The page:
Fall is one of the most picturesque times of year in the vineyard, and 2015 was no exception to that rule. We had gorgeous weather and an early start to the season with some of the leaves starting to turn early this year. When the vineyard finally erupts from end to end in spectacular colour, there is only a week or so to enjoy it before all of the leaves begin to fall off. It is a precious time of year, and a great time for us here at the winery to enjoy the scenery after harvest.
Ron & Patt Dyck and their legendary restaurant “The Country Squire” in Naramata were the first customers of Blue Mountain Winery. They now own and operate Cannery Brewing alongside their son and head brewer, and this year built a new brewery in Penticton. In 2016 Blue Mountain Vineyard & Cellars celebrates their 25th vintage. We brought these old friends together for the first time in many years...
In a style akin to “The Judgement of Paris,” which was depicted in the film Bottle Shock, The BC Wine Institute endeavoured to measure the wines of British Columbia against those of the world.
Internationally renown wine writer and critic Steven Spurrier, who spearheaded the original judgement of Paris was on hand after attending the BC Pinot Noir Celebration in the Okanagan.
"For me wine is the three 'P's': the place, the people and the product. British Columbia ticks all these boxes with exuberance, elegance and conviction,” he stated.
Following true to the original Judgement, 12 wines from the region were pitted against 12 benchmark international wines in two categories: Chardonnay and Syrah.
The 2012 Blue Mountain Reserve Chardonnay was scored highest amongst the BC Wines of that varietal and placed ahead of the noteworthy Chardonnay reserve from California’s Robert Mondavi Winery.
“Accolades are nice of course, but we are most happy that our wines are being regarded as international calibre. This is what my family has strived for from day one, and to see the wines from the Okanagan Valley hold their own against some much more established wine growing regions in the world is a tremendous accomplishment for the industry,” noted Christie Mavety, partner at Blue Mountain Vineyard and Cellars.
In the Syrah category, C.C. Jentsch from Oliver, BC bested the entire category from BC and abroad.
Great things are happening here in British Columbia!
Ian and Matt pay careful attention to the type and quality of barrels used at Blue Mountain. In the video above, Ian explains some of the technical aspects of coopering, and the reasons behind the choice in French Oak barrels for the Pinot Noir.
While the oak for the barrels may come from several different oak forests in France (mainly Vosges, Tronçais, and Allier) the cooperage for the barrels used here maintains consistent density throughout the barrel. The barrels are also divided into different toast characteristics whether they be light, medium, or heavy toast.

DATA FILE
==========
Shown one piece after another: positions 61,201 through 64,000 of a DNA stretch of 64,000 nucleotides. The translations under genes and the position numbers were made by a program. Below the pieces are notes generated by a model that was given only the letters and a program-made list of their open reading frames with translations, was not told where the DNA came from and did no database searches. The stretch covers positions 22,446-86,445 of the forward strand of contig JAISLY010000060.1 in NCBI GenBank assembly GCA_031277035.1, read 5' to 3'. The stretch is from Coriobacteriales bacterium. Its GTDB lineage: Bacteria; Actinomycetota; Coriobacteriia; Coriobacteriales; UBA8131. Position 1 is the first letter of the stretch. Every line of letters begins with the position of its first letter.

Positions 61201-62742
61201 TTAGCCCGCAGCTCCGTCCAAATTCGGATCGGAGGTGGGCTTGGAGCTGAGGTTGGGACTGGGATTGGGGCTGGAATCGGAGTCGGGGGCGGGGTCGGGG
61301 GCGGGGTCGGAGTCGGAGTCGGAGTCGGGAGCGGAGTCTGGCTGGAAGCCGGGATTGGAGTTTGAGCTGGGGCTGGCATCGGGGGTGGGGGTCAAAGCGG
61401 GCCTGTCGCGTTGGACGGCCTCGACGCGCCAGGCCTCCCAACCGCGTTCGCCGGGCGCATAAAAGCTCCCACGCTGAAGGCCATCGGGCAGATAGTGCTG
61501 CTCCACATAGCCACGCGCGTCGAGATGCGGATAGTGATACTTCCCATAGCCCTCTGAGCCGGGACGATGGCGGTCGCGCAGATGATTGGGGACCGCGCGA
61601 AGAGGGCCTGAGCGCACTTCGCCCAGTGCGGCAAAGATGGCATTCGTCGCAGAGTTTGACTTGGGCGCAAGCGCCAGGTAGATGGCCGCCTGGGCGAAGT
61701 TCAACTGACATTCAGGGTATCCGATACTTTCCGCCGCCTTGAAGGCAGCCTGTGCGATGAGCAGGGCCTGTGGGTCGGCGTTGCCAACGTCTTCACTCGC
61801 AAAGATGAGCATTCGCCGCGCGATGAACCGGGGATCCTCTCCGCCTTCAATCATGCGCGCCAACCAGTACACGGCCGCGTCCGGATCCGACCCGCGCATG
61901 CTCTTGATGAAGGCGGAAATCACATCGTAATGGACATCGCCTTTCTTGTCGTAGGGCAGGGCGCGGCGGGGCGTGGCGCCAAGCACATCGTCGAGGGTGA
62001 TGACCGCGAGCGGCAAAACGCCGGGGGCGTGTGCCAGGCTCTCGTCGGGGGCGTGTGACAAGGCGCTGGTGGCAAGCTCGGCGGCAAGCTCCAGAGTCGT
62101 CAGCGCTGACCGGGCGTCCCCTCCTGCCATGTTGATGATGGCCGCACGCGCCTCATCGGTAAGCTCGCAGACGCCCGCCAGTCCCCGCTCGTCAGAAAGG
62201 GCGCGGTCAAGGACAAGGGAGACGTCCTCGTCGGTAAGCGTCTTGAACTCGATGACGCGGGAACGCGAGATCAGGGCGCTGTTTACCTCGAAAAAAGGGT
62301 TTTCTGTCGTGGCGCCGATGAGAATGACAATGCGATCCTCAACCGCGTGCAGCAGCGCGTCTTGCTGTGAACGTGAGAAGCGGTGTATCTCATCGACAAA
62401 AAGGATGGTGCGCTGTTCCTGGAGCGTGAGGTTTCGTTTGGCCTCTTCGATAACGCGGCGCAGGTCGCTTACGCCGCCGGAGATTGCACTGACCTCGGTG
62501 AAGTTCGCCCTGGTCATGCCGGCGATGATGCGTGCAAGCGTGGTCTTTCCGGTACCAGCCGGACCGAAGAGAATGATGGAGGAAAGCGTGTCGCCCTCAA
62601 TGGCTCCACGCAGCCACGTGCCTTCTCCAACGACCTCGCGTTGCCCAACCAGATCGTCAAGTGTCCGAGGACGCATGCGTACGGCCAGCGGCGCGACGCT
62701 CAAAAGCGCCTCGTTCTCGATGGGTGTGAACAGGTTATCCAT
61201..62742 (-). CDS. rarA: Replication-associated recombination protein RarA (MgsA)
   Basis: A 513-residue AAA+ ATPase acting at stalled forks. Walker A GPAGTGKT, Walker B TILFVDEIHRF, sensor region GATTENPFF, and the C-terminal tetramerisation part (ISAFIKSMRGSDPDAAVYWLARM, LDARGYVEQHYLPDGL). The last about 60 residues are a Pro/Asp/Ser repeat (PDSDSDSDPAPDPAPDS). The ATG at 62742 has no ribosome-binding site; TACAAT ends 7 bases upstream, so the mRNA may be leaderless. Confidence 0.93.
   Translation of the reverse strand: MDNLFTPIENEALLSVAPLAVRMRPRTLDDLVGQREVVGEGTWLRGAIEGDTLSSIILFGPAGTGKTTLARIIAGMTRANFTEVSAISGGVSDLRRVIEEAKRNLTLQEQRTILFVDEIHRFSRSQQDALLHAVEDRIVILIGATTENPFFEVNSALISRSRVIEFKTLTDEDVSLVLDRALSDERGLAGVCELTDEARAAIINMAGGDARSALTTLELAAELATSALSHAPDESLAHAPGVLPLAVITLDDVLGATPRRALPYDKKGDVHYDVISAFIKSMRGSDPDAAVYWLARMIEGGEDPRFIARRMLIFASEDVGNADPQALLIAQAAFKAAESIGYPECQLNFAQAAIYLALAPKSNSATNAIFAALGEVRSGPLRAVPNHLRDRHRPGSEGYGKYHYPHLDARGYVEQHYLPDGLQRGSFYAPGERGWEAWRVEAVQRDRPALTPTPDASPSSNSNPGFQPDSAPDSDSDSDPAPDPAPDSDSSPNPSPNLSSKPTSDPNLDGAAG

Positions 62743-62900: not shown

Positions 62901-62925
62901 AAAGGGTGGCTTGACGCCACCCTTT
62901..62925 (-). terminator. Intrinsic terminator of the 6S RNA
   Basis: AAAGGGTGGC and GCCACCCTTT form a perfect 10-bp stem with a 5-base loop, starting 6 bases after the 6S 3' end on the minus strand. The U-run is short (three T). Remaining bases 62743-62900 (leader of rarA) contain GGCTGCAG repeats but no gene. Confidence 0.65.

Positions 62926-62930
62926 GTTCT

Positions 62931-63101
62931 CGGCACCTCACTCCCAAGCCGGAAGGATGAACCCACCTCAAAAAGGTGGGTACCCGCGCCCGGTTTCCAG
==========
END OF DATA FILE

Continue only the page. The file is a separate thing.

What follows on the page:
The selection of the wine barrel has a significant impact on the flavour profile of the wine, so we hope you'll enjoy this video if you're interested in learning about some of the behind the scenes decisions here at the winery.
Ian Mavety gives some insight into the Gamay Noir varietal, and in particular the 2011 vintage at Blue Mountain Winery. Typically Gamay can be a lighter red wine crafted in the Beaujolais style, but can also be a slightly heavier wine like a Beaujolais Cru, as the 2011 vintage at Blue Mountain is.
Someone once told me that you know you're from the city when you don't know what a tomato should taste like. While that may be quite a sweeping statement, I fully understood what they meant when I bit into my first heirloom tomato.
Compared to the commercially grown tomatoes I had been eating from my local grocery store, these typically farm fresh, somewhat mutant looking tomatoes had such a rich texture and flavour.
Heirloom tomatoes lack a genetic mutation that allows them to come out looking "perfect" like the commercially grown tomatoes found in most grocery stores. The shelf life of an heirloom tomato is also considerably shorter than that of the other varieties, so it must be harvested and eaten in a short time frame. This results in only the freshest of tomatoes, and the best taste!
Some of the more popular types of heirloom tomatoes around the Okanagan include the Green Zebra, Black Krim, Brandywine, Early Girl, and the Ida Gold.
Pairing tomatoes with wine can be a bit tricky, but something that compliments the acidity and fruitiness of the tomato without overwhelming it is key. On the white side of things think Chardonnay, or a white with a rounder mouth feel. Pinot Blanc may also be a better choice than Pinot Gris as it tends to be a little less acidic. A dry style sparkling wine can also compliment heirloom tomatoes well.
If you're in the Okanagan around the end of August into mid-September, be sure to check out our farmer's markets for the best selection of heirloom tomatoes and be sure to sample all of the beautifully odd looking varietals.
**Please note the wine shop will be closed Ironman Sunday August 26, 2012. We will re-open for regular business and wine tastings on Monday the 27th.**
Well, It's that time of year and Ironman week in Penticton has once again commenced, albeit this time for the last time as an official Ironman event. The race will live on under the Challenge Family branding and we're sure this area will continue to be a draw for endurance athletes looking to push themselves.
We have one of the best long distance triathlon courses in the world here in the South Okanagan, and it happens to go right through our town of OK Falls. We look forward to cheering on all of the athletes this year as they fight toward this huge athletic achievement!
Best of luck to all of the triathletes!
Chardonnay is a wine that many people either love or hate, perhaps due to the wide range of styles on the market. Our winemaker Matt Mavety explains some of the choices involved in making Chardonnay, his own personal philosophy on the varietal, and some technical aspects involved in cultivating a nice Chardonnay wine. As always, at Blue Mountain viticulture is paramount to creating the best possible bottle of wine.